Categorized | Reviews

Robert Motherwell’s Elegies @ de Young

At Five in the Afternoon, 1950
 
As I was looking at Robert Motherwell’s 1959 oil Spanish Elegy, I thought of the opening of Vladimir Nabokov’s memoir Speak, Memory: “The cradle rocks above an abyss, and common sense tells us that our existence is but a brief crack of light between two eternities of darkness.”  When I went on to Motherwell’s 1977 acrylic Spanish Elegy with Marine Blue, I flashed on Andy Warhol’s Campbell’s Soup Cans.  Not that Motherwell’s art is remotely like Warhol’s.  The Abstract Expressionist dismissed Pop as pictures for the lumpen proletariat and once compared Pop artists to mules.  But Motherwell did more than 250 Elegies over a period of 43 years, and those that don’t pack the existential wallop of the 1959 Elegy can feel like iterations of the Elegy formula.
 
Co-organized by the Dedalus Foundation, founded by Motherwell, the de Young’s Between Life and Death assembles thirteen Elegies from Bay Area collections.  It’s one of several exhibitions around the country marking the centennial of the artist’s birth.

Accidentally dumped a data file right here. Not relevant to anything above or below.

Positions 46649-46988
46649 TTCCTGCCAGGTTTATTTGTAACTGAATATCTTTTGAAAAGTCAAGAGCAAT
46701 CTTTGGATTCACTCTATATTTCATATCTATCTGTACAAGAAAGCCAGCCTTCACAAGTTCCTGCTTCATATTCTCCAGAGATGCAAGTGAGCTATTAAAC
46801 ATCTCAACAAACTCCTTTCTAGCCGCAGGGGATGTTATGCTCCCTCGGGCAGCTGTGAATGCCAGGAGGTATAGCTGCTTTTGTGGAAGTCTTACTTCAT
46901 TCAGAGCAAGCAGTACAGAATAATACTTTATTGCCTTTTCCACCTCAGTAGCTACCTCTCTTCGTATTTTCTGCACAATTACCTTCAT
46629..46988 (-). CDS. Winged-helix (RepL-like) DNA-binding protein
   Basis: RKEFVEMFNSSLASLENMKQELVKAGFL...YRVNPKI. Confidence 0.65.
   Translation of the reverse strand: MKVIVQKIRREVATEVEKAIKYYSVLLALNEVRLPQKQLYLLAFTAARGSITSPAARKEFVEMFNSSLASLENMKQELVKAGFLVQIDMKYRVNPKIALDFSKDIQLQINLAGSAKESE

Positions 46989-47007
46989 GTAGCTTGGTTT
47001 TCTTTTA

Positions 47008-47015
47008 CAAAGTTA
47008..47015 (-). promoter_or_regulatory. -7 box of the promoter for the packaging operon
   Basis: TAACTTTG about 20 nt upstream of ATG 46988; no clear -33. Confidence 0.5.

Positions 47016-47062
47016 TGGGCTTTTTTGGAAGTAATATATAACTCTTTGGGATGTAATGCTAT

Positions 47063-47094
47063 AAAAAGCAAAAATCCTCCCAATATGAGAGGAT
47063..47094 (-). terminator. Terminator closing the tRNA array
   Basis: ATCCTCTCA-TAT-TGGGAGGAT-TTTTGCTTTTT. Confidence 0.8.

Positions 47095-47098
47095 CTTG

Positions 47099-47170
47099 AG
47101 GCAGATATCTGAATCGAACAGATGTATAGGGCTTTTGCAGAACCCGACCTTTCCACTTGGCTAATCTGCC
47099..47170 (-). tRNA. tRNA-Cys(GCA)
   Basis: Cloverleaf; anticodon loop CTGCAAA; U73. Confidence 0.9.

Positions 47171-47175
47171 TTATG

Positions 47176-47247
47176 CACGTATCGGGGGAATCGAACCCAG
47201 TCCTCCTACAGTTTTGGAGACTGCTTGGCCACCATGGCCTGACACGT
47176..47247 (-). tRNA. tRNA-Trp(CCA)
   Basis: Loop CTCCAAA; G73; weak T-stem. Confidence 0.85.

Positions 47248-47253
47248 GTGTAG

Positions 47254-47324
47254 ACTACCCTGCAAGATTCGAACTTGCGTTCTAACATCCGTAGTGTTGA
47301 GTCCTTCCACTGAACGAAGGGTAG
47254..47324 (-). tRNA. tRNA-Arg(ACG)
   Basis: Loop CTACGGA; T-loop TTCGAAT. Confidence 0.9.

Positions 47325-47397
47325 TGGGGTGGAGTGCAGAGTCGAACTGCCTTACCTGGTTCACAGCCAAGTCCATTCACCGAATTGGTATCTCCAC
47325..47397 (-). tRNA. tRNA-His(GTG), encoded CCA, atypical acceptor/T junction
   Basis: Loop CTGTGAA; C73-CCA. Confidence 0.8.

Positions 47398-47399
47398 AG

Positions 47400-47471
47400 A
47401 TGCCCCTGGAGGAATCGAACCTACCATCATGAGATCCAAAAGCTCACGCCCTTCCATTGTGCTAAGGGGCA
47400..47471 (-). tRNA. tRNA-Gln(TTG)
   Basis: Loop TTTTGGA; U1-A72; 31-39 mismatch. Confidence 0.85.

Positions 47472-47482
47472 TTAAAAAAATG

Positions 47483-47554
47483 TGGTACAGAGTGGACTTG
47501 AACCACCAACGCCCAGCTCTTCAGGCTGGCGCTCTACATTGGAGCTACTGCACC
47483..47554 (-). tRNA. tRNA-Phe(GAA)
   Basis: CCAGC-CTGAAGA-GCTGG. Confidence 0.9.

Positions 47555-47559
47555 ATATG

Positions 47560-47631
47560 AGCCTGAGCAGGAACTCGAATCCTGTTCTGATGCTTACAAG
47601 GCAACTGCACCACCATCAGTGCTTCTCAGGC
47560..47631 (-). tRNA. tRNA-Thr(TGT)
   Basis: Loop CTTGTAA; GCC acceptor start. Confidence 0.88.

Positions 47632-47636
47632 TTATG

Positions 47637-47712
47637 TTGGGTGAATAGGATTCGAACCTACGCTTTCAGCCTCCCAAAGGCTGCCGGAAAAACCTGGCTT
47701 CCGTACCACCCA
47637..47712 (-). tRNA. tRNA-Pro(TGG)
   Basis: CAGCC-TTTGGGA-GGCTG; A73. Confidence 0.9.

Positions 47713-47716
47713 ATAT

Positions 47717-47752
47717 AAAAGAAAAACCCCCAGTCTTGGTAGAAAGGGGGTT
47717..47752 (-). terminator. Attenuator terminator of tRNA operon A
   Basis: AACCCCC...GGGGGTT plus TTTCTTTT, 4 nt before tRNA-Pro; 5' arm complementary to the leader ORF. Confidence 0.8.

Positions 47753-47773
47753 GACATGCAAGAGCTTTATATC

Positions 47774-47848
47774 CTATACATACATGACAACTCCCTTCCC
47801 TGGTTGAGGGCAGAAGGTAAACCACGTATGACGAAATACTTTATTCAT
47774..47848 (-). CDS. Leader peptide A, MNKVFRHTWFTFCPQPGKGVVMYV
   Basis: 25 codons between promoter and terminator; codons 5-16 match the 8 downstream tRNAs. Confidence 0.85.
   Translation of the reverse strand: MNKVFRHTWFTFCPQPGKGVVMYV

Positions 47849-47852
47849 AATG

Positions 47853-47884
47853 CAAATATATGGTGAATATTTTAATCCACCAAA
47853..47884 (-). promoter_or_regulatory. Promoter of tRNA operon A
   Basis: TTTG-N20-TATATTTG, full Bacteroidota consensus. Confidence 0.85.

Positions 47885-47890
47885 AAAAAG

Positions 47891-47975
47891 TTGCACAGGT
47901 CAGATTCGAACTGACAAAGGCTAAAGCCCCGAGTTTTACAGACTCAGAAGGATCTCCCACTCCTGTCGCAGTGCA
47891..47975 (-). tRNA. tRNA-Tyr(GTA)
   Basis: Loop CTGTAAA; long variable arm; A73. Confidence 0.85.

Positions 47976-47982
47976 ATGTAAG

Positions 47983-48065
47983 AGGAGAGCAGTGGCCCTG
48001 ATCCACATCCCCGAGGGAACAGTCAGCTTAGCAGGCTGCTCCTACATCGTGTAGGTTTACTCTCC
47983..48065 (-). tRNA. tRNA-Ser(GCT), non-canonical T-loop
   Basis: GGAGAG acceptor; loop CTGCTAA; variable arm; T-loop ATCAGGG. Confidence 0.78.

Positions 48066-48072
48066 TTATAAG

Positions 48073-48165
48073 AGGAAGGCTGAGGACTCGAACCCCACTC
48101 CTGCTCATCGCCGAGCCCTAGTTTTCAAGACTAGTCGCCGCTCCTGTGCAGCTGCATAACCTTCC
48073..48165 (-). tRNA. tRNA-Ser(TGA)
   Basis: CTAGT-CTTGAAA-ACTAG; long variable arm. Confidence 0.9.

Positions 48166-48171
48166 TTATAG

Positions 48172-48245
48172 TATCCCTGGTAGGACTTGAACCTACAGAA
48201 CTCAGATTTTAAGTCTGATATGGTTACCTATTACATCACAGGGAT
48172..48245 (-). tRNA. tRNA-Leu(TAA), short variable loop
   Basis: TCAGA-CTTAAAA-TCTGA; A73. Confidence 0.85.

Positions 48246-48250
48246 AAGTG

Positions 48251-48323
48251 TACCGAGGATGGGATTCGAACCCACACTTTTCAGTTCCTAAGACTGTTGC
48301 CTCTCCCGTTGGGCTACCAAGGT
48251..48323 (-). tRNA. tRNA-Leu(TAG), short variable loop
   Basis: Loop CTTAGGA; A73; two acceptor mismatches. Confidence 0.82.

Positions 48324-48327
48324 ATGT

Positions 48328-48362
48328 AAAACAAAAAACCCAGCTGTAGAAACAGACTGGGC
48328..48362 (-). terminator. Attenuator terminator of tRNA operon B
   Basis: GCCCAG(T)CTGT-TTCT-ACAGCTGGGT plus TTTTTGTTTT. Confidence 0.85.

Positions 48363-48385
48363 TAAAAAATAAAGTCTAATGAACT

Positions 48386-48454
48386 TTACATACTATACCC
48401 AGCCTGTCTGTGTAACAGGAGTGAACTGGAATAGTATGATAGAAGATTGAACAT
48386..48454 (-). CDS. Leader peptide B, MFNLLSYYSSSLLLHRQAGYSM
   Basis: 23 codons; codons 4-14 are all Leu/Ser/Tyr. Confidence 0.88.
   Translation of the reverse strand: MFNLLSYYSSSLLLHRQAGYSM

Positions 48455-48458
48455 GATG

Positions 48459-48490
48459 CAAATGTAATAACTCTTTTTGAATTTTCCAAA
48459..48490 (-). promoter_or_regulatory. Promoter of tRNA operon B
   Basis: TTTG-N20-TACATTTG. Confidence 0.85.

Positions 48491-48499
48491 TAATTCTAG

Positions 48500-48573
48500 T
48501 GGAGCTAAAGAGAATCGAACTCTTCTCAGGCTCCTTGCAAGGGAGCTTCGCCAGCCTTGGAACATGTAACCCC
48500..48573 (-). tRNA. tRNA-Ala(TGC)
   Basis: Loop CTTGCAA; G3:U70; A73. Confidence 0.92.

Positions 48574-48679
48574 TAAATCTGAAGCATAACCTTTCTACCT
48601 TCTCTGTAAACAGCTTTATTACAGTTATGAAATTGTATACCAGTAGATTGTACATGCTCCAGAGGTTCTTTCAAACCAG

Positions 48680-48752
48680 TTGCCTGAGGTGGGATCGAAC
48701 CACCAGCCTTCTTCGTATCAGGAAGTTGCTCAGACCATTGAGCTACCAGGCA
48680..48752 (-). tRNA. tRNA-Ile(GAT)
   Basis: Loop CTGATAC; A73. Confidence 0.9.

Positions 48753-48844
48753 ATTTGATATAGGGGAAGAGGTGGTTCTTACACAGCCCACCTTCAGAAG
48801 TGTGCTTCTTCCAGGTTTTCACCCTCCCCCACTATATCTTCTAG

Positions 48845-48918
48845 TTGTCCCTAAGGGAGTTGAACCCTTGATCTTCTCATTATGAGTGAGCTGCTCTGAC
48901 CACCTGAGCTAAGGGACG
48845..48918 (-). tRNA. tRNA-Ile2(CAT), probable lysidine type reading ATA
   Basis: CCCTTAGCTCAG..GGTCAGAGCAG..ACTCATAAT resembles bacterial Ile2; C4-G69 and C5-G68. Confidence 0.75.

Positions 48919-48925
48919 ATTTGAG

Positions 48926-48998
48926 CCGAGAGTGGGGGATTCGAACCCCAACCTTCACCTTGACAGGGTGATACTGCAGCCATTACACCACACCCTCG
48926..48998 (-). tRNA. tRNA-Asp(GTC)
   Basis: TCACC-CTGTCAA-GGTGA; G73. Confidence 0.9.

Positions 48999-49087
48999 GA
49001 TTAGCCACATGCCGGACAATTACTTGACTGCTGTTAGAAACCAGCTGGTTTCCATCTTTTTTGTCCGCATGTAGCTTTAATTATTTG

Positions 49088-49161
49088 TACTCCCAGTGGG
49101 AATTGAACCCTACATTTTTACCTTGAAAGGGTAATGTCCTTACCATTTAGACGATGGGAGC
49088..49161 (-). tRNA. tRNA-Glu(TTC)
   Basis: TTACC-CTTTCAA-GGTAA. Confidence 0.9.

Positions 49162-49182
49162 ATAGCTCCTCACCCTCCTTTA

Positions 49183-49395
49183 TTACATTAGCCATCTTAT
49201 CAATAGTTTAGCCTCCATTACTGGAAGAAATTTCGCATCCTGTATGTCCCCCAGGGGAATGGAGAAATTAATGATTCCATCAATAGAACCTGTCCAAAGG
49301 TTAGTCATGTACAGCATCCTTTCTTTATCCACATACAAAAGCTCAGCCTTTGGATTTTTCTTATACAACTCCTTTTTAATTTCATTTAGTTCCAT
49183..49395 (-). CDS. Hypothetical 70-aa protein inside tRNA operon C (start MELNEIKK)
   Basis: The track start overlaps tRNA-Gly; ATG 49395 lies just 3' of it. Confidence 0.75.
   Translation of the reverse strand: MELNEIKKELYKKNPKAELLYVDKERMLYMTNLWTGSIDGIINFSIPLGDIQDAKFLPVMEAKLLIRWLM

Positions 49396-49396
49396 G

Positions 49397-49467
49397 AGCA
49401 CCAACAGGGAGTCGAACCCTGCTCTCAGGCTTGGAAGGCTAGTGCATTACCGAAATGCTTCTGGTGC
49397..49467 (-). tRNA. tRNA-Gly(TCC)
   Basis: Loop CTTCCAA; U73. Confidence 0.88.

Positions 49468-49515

Mexican Elegy, 1987

Although Robert Motherwell is slotted as a New York School painter, he grew up on the West Coast, and it was in San Francisco that the seed of the Elegies was planted.  In 1937 the recent Stanford graduate attended a mass rally in a Van Ness Avenue lecture hall where the French writer André Malraux, fresh from aerial bombing runs against the fascists in Spain, was drumming up support for the Loyalists in the Spanish Civil War.  With his disheveled suit, his Gauloise bobbing from his lips, and his heart-stabbing language, Malraux seemed the epitome of the engaged European intellectual.  Motherwell was stunned by the human tragedy the writer described.  That same romantic heroism and moral urgency would inform Motherwell’s art, especially the Elegies.  A lament for Spain, where the Loyalists went down to defeat in 1939, they are also a meditation on the eternal and the ephemeral, on violence, joy, agony, death and hot blinding light.